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Mai 12, 2020

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April 2, 2020

How to use Zoom with a Sandbox

With Corona, video conferences are on the rise, and organizations tend to use Zoom. The problem is that Zoom shows more and more security holes, bad practices, and privacy-related problems.

Zoom has a version that runs in the browser, but in my experience, it runs much worse than the native application. As running the native application is a security and privacy risk, let's see how we can use Linux sandbox techniques to restrict what the Zoom client can access.

1) Use flatpak.
Flatpak uses a sandbox called bubblewrap that isolates it from most of your personal data. You can find Zoom on Flathub.

If you do not have flatpak, you could try to use the bubblewrap sandbox without flatpak or try using firejail, but for most people it is much easier to just use flatpak.

2) Use Flatseal to revoke access to data that Zoom does not need to be able to access before running Zoom the first time. You can remove access to all host files (filesystems=host and filesystems=home disabled) without any problems.

This already solves many security and privacy issues of Zoom.

The problem that still remains is that Zoom generates personalized identifiers by using your network card's unique hardware address.

3) Restricting Access to your network devices: Now Zoom is isolated from your private files, but when you already used Zoom and have a look at $HOME/.var/.var/app/us.zoom.Zoom/config/zoomus.conf you will notice that Zoom uses your MAC-Address as identifier in the line deviceID=XX:XX:XX:XX:XX:XX.

There is a way to protect against this when you really want Zoom not to know such unique identifiers by using network namespaces.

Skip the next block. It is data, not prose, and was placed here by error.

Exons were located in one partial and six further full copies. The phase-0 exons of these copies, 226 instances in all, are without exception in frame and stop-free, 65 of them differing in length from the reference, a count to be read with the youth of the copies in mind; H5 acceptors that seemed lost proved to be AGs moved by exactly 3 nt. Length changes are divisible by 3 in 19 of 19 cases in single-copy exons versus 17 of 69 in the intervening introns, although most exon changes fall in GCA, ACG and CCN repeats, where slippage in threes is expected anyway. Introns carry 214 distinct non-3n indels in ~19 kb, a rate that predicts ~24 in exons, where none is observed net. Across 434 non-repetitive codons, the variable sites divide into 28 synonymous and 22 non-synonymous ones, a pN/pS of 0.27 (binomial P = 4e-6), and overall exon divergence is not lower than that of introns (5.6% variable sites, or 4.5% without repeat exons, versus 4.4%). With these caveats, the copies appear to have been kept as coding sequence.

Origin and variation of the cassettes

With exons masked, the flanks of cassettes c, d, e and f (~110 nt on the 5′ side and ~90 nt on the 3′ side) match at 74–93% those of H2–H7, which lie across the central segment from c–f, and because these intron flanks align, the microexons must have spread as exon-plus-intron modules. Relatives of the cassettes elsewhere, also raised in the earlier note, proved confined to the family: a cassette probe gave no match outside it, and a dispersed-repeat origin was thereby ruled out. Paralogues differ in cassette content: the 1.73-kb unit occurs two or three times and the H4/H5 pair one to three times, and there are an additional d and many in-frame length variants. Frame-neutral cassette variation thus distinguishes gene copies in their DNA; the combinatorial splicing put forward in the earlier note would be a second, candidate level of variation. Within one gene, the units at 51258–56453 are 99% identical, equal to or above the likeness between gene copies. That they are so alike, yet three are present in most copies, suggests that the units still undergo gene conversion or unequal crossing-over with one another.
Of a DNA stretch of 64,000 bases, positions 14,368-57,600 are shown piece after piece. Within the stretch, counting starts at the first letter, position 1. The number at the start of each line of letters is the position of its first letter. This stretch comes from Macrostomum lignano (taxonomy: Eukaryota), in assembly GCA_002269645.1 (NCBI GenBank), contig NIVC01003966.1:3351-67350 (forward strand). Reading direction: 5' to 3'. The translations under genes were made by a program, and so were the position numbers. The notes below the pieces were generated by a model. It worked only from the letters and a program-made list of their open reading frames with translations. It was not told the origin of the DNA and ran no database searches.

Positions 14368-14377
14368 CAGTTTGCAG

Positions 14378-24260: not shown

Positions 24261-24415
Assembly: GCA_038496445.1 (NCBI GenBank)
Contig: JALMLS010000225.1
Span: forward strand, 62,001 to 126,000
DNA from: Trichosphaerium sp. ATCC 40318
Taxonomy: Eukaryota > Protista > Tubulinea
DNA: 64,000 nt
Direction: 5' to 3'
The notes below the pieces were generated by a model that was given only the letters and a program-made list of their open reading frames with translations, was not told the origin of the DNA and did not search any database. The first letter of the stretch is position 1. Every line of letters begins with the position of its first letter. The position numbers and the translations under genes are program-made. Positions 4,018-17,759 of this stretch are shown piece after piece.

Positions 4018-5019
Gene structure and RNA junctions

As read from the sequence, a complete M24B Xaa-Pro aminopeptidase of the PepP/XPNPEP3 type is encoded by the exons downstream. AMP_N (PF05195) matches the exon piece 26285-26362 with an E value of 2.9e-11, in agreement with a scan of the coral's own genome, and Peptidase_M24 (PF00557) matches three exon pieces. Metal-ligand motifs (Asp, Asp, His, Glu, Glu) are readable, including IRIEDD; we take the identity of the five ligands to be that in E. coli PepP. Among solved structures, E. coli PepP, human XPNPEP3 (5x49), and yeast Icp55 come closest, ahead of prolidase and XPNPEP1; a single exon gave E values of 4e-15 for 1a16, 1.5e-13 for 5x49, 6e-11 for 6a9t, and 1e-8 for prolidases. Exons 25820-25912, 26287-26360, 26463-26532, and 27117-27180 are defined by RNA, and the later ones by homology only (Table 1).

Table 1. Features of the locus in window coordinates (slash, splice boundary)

Our setup is based on this introduction to Linux network namespaces. We will need some additional routing for network access and a tool to allow normal users to run applications in a network namespace for running Zoom inside a private network namespace.

Setting up a network namespace for Zoom:

sudo ip netns add zoom # Create the namespace "zoom"
sudo ip link add veth0 type veth peer name veth1 # Create connected virtual interfaces
sudo ip link set veth1 netns zoom # Assign the second interface to the network namespace "zoom"

You can now verify that you only see the virtual interface by running ip netns zoom exec ip link show. This runs the command ip link show inside the namespace "zoom" and you should see a loopback interface "lo" and the virtual interface "veth1" inside the new namespace.

When running ip link show alone, you should see your usual host network interfaces and "veth0", but no device "veth1".

Next, we need to assign IPs and set up a default route inside the network namespace so that Zoom can reach its servers. We will use the net 10.0.0.0/24 for the interfaces. When you already use this net, you need to choose another IP range.

# Activate the interface in the default namespace
sudo ip link set up veth0
sudo ip addr add 10.0.0.1/24 dev veth0
# Activate the interface inside the zoom namespace
sudo ip netns exec zoom ip link set up veth1
sudo ip netns exec zoom ip addr add 10.0.0.2/24 dev veth1
# Add a default route inside the namespace
sudo ip netns exec zoom ip route add default via 10.0.0.1
# Enable IP forwarding
sudo bash -c 'echo 1 > /proc/sys/net/ipv4/ip_forward'

Now we can communicate with the host outside of the zoom namespace and need to add routing into the internet. We use iptables with a NAT setup for this:

sudo iptables -P FORWARD -j DROP # Drop all packets that are not matched by another rule.
sudo iptables -I FORWARD -s 10.0.0.0/24 -j ACCEPT # Forward packets for IPs from inside the namespace
sudo iptables -t nat -A POSTROUTING -s 10.0.0.0/24 -j MASQUERADE # Use NAT for packets from the zoom network

To be able to use the namespace without root privileges you need to install netns-exec. This tool allows every user on the computer to run programs in another network namespace, so do not install it if this is a problem for you.

Now run netns-exec zoom IP link as a normal user to verify that you can execute programs in the network namespace and that you can only see the virtual network device.

When everything works, you can start using Zoom by running

netns-exec zoom flatpak run us.zoom.Zoom

Afterward, you can verify that zoomus.conf contains the virtual MAC address from the veth network interface instead of the unique MAC address of your network card.

Feedback If anything does not work for you, please leave a comment so that I can improve this article.

Kategorien: english Software Linux Sicherheit
Tagged: Zoom Flatpak network namespace netns Security Privacy

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Okt. 18, 2015

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